That is it! now restart the Varnish service (/etc/init.d/varnish start), Once done, you have a basic setup of varnish that is listening connections on port 80 and forwarding non cached content to backend web server which is listening on 8080.

Varnish Examples:

1. You have a specific file that you do not want to cache and that request should goto the web server everytime a user requests it. Default ‘VCL’ file makes it pretty easy if you know regex. I am going to bypass a file called “xmlrpc.php” such that every time there is request for this file, it will be sent to the web server, no questions asked 😉

# vim /etc/varnish/default.vcl

sub vcl_recv {
if ( req.method == "POST" && req.url ~ "^/xmlrpc.php$" ) {
return (pass);

2. You want to restrict access to some login page on your website only to a single IP address. Well, let’s see how to achieve this. Here I will be blocking access to my blog’s admin page such that it can only be accessed from a single IP address that I will define in /etc/varnish/default.vcl:

vim /etc/varnish/default.vcl

acl admin_whitelist {

sub vcl_recv {
if ((( req.url ~ "^/wp-admin/$" ) || ( req.url ~ "^/login$" ) || ( req.url ~ "^/wp-login.php$" )) && !( client.ip ~ admin_whitelist )) {
return (synth(403," "));

Above code in default.vcl will make sure that when ever a request is made to admin page, it will return a 403 Forbidden error message if the IP address is not mentioned in acl admin_whitelist { block. “X.X.X.X” and “XX.XX.XX.XX” are the external IP addresses from where you want to allow access. Now if you impletement it, you will see the error messge but you will also see another contents such as Guru Meditation, Varnish server, XID etc. which makes the page kind of look ugly. We want a simple, clean page displaying the error only and nothing else.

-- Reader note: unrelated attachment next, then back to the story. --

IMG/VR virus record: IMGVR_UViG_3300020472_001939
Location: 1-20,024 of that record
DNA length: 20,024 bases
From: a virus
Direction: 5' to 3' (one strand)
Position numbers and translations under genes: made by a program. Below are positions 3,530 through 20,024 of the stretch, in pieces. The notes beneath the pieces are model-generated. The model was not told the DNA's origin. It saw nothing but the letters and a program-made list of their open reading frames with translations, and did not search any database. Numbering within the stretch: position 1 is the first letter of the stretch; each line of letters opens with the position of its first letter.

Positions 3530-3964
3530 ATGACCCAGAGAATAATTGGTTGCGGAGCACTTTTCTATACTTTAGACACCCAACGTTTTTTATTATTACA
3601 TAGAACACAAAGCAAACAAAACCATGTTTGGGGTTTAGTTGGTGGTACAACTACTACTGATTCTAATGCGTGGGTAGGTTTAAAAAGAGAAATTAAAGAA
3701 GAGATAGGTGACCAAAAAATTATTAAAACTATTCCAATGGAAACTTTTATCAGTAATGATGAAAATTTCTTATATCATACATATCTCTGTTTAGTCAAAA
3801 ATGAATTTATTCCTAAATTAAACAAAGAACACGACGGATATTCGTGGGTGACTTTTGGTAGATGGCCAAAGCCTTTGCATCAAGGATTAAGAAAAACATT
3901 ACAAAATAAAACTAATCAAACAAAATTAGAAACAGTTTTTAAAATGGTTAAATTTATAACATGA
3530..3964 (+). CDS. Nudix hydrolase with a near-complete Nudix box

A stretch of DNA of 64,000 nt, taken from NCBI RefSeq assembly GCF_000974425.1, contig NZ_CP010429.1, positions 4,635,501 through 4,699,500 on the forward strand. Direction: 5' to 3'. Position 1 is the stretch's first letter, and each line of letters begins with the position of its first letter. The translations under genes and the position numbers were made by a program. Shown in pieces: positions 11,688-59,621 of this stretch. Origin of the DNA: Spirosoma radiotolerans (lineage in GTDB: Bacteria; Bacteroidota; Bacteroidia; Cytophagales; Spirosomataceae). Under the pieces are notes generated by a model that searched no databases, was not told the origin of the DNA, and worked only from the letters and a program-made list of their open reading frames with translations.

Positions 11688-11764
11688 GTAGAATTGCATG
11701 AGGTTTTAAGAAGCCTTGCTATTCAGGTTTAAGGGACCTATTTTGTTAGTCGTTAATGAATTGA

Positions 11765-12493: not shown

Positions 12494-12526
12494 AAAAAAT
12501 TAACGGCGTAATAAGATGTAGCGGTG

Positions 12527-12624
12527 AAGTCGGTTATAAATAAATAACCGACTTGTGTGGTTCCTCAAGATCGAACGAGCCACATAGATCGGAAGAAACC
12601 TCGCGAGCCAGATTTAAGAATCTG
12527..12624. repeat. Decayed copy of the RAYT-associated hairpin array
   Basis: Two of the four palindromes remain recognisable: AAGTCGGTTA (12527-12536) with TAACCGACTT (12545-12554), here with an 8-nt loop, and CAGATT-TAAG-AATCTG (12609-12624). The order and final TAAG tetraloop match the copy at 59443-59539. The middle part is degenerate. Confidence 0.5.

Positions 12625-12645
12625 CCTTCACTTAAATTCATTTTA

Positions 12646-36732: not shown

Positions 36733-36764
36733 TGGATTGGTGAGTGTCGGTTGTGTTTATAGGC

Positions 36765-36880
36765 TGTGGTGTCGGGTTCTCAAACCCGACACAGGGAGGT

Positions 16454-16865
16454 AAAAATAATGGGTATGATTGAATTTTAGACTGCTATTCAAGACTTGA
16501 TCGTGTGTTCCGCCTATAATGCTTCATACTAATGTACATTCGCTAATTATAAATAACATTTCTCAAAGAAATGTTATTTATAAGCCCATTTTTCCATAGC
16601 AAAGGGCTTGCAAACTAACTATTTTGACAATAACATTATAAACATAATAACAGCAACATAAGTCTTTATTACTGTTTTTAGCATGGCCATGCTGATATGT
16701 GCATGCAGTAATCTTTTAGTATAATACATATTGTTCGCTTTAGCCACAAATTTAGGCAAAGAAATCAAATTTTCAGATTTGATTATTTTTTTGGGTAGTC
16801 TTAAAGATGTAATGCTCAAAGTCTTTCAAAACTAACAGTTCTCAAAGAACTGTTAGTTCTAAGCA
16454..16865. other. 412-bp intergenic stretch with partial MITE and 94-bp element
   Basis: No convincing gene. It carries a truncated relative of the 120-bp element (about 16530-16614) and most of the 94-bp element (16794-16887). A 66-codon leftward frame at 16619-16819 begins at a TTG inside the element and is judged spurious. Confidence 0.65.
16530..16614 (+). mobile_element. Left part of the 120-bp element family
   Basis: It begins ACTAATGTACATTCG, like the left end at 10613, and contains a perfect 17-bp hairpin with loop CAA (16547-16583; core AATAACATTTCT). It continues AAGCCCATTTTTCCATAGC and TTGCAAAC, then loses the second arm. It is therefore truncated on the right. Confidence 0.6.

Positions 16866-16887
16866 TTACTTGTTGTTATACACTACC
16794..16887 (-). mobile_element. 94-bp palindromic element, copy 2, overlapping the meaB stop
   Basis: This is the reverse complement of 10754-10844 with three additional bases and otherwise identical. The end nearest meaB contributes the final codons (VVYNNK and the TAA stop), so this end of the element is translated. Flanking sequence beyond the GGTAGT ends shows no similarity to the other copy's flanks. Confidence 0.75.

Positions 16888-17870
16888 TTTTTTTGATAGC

Well, default.vcl is here to rescue again. Let’s edit the same file again:

# vim /etc/varnish/default.vcl

sub vcl_synth {
set resp.http.Content-Type = "text/html; charset=utf-8";
if (resp.status == 403) {
synthetic( {"
<h2>Access denied!</h2>
"} );
else {
synthetic( {"
<h3>Something went wrong, please contact administrator at: <a href=""></a></h3>
"} );
return (deliver);

Restart the Varnish service and bingo! you have custom error page for varnish. You can add any code there to execute when a 403 error is encountered or any other error. Just make sure to add another block, for example, you want to show a custom page for “500 Internal Server” error, varnish is the way to go.

There are much more advanced implementations regarding varnish which you can create simply by using one configuration file, default.vcl. Google is an awsome place to start and if you want to get your hands really dirty with varnish, then head to the official varnish guide. It has ample amount of samples which you can use/implement. Official varnish guide can be found here. Just make sure to choose the guide which matches your version of varnish. There are a lot of changes in the syntax for Varnish 3 and Varnish 4.

I hope this has been informative for you. Adios till next time!